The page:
Some kids have a strong preference between dolls (or, for those little ones raised in a traditionally masculine environment, action figures) and stuffed animals. I always loved both of them, but while my dolls were the repository of my twisted little scenarios, my stuffed animals were just my buddies.

As I grew older, I gave up most of my stuffed animals. However, what comes around goes around, and several years ago  I once again began to collect stuffed animals. My collection focuses on two categories: antique/vintage stuffed animals and “plush art” by modern designers.  In this post I shall ramble on about antique and vintage stuffed animals (or plush toys, not sure which one is preferred. See, ignorance!)

Antique and Vintage Plush Toys/Stuffed Animals/Whatever

I will admit that my collections in this category are based mainly on instinct and not on deep knowledge of the antique plush category, as well as an affection for the Velveteen Rabbit.  Even casual collectors are probably familiar with Steiff, the main manufacturer of  high-quality stuffed animals. Steiff has been around since 1880 and was responsible for kicking off the teddy bear craze.  (You can read more about them here.)  Steiff is known for its jointed plush creatures with mohair construction. They’re still up and selling today; I personally prefer the odder animals like hedgehogs and foxes.

That said, the stuffed animals I really like in this category are not the Steiffs and the Hermanns (another German plush toy manufacturer – founded in 1912, they mainly do teddy bears) but the folk art – lovingly handmade toys.

There are a few particularly great things about stuffed animals as a collectible

  • Wear and tear only adds to the sentimentality – just thinking of all those Edwardian babies gumming that tatty little stuffed lamb (or whatever)
  • They don’t break! Seriously, I live in terror of fragile collectibles
  • They are so endearing, and one of the few collectibles your five-year-old niece can truly appreciate as much as you do.

It’s actually pretty tough to find information on collecting handmade antique to vintage stuffed animals, perhaps because by their nature they are one-of-a-kind. But here are a few awesome ones:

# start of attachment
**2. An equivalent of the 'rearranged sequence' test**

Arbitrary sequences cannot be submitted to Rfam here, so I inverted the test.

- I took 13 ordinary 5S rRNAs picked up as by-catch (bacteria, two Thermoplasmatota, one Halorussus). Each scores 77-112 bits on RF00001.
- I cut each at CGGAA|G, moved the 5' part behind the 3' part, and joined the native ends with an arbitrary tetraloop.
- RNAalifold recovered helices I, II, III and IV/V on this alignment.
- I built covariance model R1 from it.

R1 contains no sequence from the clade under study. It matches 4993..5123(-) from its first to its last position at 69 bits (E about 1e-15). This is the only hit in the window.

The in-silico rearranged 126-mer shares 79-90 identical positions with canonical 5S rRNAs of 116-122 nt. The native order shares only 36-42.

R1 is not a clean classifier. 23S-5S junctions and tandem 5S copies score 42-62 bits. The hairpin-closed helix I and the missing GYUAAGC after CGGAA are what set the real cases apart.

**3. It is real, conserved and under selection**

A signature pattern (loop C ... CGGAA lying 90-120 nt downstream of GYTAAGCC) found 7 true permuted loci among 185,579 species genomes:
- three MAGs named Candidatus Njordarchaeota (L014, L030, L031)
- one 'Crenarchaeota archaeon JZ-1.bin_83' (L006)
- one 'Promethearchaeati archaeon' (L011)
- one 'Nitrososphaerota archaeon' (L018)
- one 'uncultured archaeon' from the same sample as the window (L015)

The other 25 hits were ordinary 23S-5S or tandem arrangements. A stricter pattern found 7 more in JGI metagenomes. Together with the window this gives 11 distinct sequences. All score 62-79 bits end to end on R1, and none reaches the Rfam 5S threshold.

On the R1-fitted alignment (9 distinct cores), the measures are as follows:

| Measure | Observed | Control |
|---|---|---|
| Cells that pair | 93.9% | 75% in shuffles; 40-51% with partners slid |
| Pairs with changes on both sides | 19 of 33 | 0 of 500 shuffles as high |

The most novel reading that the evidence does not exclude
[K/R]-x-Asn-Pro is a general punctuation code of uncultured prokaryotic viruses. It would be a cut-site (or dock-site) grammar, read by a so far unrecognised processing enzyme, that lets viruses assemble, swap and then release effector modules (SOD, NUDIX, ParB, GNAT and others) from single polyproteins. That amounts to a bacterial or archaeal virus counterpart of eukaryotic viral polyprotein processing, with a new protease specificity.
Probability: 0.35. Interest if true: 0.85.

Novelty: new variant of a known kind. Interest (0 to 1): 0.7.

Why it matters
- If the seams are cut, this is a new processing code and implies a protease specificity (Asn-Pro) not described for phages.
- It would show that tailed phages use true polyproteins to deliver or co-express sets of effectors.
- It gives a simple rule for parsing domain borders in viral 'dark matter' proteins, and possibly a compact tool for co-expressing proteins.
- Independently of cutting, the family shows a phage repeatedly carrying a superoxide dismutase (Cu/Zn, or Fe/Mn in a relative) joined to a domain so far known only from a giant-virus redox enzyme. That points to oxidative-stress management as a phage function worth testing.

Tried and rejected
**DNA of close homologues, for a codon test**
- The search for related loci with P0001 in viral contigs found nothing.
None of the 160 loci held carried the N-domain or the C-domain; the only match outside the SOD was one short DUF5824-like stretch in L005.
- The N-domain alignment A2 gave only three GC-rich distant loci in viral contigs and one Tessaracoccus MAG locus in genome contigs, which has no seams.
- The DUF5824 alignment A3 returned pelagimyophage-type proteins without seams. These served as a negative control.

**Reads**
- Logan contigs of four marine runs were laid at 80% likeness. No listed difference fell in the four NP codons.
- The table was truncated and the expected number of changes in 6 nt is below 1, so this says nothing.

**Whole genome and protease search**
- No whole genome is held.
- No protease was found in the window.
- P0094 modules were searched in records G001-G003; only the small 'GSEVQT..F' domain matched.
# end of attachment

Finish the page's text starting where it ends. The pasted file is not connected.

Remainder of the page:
This just sold for $200 (and yes, I bid on it but had to drop out)

So Victorian, so quilted. And those whiskers!

Here’s an Amish seal doll (didn’t realize that was a thing) on Ruby Lane for $395. You can tell that the Amish were not that familiar with seal anatomy.

Without electricity, it’s hard to know what a seal looks like

And this is another cat doll in a teddy bear-like shape, which I purchased for $15 at the Garage a few years ago. Funny story: I asked the seller where he’d gotten it from, and he told me he was afraid to tell me. I assured him that I was going to buy it anyway, upon which he confessed that he’d picked it out of a dumpster. I’m just happy he rescued this sweetie! (Check out those almond-shaped green glass cat eyes.)

 

My personal folk art cat toy

So how do you look for vintage stuffed animals? If you want a Steiff, for example, there are ample resources online; you’re also looking for the button in the ear, sometimes a paper tag (though  if  I were a kid I would have ripped the damn thing off ASAP) and the bristly organic feel of real mohair. Hermann has a handy dating guide on its website. For folk art, it’s like any other old textile: hand-stitching, glass eyes, slightly yet endearingly crude construction and the ineffable patina of history and childish affection.

As far as display, I like to substitute my plush animals for throw pillows on my tasteful microfiber couch.